By Paula Neely | November 17th, 2017

Facing life after loss


“Grief affects us physically, mentally, emotionally and spiritually,” said Pete Shrock, co-founder of Legacy Navigator, who has trained counselors working with families of 9/11 and of Sandy Hook victims. “You can either embrace grief and participate with it, or you can act like it’s not in the room with you,” he said.

Shrock recalled working with a terminally ill cancer patient who had her coffin delivered to her house several weeks before she died. She knew her children (fifth- and eighth-graders) would need a relationship with the fact of her dying, so she gave them a tangible way to participate, he explained. The kids painted her coffin and sewed things inside of it. “It facilitated significant conversations,” he said.

“Anger, sadness, fear, frustration, happiness – all surface during grief. It can be overwhelming,” he said, adding that acceptance doesn’t mean you won’t experience sadness or anger.

How long does it last? “One year is only one Christmas,” he said. “It’s all relative. Even 10 years out from a loss, a smell or a song can trigger it.”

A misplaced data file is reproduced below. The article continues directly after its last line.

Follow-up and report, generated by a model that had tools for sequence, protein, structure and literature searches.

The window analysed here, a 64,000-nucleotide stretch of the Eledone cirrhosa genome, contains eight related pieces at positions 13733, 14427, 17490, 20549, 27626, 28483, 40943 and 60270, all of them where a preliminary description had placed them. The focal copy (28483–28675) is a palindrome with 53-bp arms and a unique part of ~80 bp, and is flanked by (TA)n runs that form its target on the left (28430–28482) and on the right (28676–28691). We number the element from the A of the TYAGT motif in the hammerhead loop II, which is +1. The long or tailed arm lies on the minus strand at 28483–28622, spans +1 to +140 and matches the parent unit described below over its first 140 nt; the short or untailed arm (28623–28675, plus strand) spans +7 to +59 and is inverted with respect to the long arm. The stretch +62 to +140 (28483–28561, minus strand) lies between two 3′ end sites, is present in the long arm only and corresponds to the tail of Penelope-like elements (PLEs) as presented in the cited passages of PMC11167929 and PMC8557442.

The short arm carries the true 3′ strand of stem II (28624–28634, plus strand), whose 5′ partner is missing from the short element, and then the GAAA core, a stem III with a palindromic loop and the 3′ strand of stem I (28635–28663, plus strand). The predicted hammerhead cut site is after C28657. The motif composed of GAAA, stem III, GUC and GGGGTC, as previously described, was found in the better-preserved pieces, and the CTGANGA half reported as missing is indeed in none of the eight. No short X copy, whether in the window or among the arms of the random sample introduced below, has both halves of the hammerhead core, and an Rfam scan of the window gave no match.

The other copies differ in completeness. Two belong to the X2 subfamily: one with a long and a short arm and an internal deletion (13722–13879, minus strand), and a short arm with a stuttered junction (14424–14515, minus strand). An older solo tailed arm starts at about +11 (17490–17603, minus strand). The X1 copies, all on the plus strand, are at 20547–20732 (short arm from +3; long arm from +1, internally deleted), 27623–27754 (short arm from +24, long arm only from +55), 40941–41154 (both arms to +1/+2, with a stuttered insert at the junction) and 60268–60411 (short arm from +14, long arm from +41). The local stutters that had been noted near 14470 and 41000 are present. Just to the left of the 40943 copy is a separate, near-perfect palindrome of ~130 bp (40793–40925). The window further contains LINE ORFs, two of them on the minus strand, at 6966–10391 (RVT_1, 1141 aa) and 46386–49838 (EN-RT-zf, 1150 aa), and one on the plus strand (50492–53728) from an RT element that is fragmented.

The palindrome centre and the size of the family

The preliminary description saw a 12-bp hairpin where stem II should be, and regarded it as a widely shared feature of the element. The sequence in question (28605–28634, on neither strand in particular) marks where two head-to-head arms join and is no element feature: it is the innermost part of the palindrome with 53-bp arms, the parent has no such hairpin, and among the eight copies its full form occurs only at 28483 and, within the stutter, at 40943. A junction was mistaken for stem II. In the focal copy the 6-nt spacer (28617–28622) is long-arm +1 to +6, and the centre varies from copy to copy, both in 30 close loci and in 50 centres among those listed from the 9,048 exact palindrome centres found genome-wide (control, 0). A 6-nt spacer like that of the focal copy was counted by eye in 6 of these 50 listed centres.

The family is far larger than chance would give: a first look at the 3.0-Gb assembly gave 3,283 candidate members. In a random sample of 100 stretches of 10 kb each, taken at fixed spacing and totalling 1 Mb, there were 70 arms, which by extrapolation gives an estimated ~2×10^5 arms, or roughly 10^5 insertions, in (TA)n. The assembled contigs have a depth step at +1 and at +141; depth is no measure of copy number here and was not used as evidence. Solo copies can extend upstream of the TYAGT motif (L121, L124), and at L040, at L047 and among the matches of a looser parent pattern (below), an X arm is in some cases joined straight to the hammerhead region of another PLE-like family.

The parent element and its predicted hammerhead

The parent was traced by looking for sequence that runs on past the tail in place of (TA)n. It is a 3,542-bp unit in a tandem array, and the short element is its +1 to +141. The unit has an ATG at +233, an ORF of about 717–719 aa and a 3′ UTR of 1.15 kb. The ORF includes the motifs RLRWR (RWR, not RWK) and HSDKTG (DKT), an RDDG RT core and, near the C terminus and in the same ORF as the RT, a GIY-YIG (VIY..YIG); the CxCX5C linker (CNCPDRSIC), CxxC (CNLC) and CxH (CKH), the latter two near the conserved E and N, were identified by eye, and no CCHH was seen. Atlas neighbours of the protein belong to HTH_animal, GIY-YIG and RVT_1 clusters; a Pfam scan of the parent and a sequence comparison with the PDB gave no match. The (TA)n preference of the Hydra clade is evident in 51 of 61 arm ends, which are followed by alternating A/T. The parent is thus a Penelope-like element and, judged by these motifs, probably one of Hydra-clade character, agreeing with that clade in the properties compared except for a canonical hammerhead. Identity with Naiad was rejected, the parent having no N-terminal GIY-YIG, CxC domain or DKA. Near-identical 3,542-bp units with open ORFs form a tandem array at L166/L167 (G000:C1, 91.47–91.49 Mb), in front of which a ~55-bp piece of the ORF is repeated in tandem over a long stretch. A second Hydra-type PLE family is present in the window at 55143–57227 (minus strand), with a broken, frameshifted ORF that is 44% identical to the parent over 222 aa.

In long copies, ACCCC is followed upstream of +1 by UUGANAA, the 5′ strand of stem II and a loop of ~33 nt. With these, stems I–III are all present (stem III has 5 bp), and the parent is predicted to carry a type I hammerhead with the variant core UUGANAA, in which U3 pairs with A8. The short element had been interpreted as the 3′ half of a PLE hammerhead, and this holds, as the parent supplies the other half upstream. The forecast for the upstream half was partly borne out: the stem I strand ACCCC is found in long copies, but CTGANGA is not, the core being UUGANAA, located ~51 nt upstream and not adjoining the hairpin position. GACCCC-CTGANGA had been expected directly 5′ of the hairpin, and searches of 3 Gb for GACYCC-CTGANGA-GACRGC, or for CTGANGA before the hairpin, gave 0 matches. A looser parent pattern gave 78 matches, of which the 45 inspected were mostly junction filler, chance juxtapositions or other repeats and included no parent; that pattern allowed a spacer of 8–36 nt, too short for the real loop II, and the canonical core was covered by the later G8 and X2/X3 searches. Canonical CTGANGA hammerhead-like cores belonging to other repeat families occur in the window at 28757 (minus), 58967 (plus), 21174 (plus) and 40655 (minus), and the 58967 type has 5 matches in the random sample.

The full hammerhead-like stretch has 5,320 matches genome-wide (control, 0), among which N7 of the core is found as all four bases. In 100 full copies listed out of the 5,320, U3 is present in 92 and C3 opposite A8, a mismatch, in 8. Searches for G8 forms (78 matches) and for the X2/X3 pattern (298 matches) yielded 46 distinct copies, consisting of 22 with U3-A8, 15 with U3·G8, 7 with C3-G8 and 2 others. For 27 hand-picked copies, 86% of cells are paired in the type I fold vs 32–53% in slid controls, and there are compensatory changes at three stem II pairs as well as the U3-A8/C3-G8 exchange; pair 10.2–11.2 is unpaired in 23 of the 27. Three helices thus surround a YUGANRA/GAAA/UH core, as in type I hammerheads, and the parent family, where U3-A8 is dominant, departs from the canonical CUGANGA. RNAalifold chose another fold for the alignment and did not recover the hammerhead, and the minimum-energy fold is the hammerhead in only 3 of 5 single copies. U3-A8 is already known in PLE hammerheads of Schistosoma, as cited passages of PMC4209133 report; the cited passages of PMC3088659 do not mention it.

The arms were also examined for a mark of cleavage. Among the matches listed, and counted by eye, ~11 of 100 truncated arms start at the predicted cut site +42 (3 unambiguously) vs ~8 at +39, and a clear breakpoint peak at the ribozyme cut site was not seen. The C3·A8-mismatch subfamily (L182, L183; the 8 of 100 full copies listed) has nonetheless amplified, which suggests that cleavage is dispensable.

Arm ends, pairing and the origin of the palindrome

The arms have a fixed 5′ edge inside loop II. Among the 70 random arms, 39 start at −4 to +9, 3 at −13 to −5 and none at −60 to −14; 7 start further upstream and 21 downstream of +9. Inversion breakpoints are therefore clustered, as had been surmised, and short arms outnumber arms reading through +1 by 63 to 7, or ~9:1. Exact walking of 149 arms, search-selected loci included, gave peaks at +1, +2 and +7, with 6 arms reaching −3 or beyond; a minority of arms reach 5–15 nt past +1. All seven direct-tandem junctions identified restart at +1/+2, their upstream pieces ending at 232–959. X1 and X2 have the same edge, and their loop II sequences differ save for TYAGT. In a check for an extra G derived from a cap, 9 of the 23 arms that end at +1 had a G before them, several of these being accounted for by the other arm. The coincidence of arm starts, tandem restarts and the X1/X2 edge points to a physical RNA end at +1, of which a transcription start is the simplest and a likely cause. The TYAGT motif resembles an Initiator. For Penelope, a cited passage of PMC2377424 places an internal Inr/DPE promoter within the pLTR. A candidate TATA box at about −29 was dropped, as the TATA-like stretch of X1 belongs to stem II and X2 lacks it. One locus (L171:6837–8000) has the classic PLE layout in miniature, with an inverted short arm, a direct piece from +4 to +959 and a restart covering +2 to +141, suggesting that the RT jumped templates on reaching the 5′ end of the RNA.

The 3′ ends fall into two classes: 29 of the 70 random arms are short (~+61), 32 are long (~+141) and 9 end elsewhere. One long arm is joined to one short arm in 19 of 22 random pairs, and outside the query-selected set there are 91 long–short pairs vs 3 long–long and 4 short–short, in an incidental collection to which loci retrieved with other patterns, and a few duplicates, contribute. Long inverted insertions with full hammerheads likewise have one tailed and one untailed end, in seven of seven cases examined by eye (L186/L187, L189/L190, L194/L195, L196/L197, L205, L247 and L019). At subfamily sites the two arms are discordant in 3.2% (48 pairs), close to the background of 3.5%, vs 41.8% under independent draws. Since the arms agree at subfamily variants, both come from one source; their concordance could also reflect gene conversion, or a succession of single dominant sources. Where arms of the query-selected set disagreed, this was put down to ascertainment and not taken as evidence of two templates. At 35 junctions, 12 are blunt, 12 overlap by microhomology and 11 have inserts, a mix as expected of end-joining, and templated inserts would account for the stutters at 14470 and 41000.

Kristen Emerson, bereavement counselor with Bon Secours Hospice, stressed that it’s important to stay connected with deceased loved ones on their birthdays, anniversaries and other special days. “It helps to do something intentional to acknowledge that person’s life. Part of healing is continuing that bond,” she said. “The relationship doesn’t have to stop.”

She said one family wrote messages on balloons and released them at the gravesite to say goodbye to their loved one. Another woman gives away cash equal to her husband’s age each year on his birthday. Once she put it in an envelope and put it under the wiper blade of someone’s car as a random act of kindness, Emerson said.

She noted that grief is the thoughts and feelings inside after a loss. Mourning is actively doing something to get the grief out.

For other resources on grief, check out these links from previous BOOMER articles:

In the past two years, Paula Neely has experienced the near-death of her husband, the unexpected death of her mother-in-law, the death of her father-in-law, following one day in hospice, and the loss of a lifelong friend. She values the willingness of her family to discuss and prepare for future crises and deaths.

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